This article provides an overview of the logistics of traditional print vs. newer online repositories in libraries, weighing the costs and benefits of both models. Grafton explains that online media are not replacing print media, but that both are proliferating at once, putting dual pressures on university libraries. He explores the changes the Internet has brought to research and reading practices as well as to libraries.
Manguel, Alberto. “The Library as Power.” The Library at Night. Toronto: Alfred A. Knopf, 2006. 91-104.
This chapter explores the totemic power granted books and the power of libraries as monuments and memorials founded by public figures. Though built to consolidate power, ironically, public libraries such as the Carnegie Libraries had the effect of empowering the public that used them.
Poblete, Juan. “Reading as a Historical Practice in Latin America: The first Colonial Period to the Nineteenth Century.” The Literary Cultures of Latin America: A Comparative History (Vol. 1: Configurations of Literary Culture). Oxford: Oxford University Press, 2004. Eds. Mario J. Valdes and Djelal Kadir. 178-192.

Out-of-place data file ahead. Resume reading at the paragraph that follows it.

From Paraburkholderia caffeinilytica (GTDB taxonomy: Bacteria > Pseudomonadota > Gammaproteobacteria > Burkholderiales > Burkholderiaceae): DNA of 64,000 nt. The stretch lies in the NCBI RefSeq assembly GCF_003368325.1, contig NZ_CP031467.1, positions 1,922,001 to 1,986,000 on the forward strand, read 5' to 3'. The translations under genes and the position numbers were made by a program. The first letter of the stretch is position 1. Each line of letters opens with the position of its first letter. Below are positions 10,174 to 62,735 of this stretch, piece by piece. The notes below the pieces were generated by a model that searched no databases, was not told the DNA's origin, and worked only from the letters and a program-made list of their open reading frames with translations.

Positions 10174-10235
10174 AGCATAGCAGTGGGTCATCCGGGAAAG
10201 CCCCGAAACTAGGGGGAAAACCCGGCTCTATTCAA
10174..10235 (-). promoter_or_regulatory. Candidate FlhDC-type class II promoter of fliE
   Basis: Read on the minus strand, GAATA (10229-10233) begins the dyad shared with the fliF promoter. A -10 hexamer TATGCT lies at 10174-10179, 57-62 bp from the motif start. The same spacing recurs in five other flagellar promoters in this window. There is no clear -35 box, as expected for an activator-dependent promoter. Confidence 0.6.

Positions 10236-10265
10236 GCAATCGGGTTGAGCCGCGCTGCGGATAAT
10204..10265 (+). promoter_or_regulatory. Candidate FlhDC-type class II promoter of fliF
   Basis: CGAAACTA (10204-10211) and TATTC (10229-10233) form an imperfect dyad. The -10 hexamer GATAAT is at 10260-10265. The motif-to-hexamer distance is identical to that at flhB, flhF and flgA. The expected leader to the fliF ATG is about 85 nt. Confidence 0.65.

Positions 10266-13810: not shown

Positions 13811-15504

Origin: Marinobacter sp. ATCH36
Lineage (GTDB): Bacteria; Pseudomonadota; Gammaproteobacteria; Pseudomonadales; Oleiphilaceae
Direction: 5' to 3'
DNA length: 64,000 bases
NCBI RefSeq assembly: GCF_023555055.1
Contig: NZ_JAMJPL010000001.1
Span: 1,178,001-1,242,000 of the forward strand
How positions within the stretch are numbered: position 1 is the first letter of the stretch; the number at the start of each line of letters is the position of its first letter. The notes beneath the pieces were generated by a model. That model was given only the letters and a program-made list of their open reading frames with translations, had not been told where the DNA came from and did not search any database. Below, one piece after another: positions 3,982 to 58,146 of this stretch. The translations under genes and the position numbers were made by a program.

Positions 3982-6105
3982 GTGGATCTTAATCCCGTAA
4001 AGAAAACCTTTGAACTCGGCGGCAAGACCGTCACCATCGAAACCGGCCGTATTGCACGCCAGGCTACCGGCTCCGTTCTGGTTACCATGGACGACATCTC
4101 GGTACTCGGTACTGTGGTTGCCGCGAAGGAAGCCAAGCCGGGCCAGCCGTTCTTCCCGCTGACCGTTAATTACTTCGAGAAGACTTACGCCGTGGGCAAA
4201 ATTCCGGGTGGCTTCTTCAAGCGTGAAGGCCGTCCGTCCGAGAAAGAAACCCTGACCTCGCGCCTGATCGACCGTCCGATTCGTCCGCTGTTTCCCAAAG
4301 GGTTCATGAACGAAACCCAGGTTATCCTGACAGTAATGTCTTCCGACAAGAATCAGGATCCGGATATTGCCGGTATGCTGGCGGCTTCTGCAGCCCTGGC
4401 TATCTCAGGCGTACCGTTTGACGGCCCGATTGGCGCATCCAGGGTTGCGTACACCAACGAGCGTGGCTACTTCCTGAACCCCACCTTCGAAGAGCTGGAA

This article argues for an understanding of the social, collective production of meaning in the interpretation of texts, rather than a decontextualized discourse analysis. This understanding of the location of reading practices is applied to pre-colonial and colonial situations in the reception and understanding of texts in Latin America. The essay offer suggestive points of departure for discussion of the formation of communities of readers in the new media of today.
Interested faculty, staff, and graduates students are welcome to join us. For pdf copies of these readings, contact Laurel Peacock.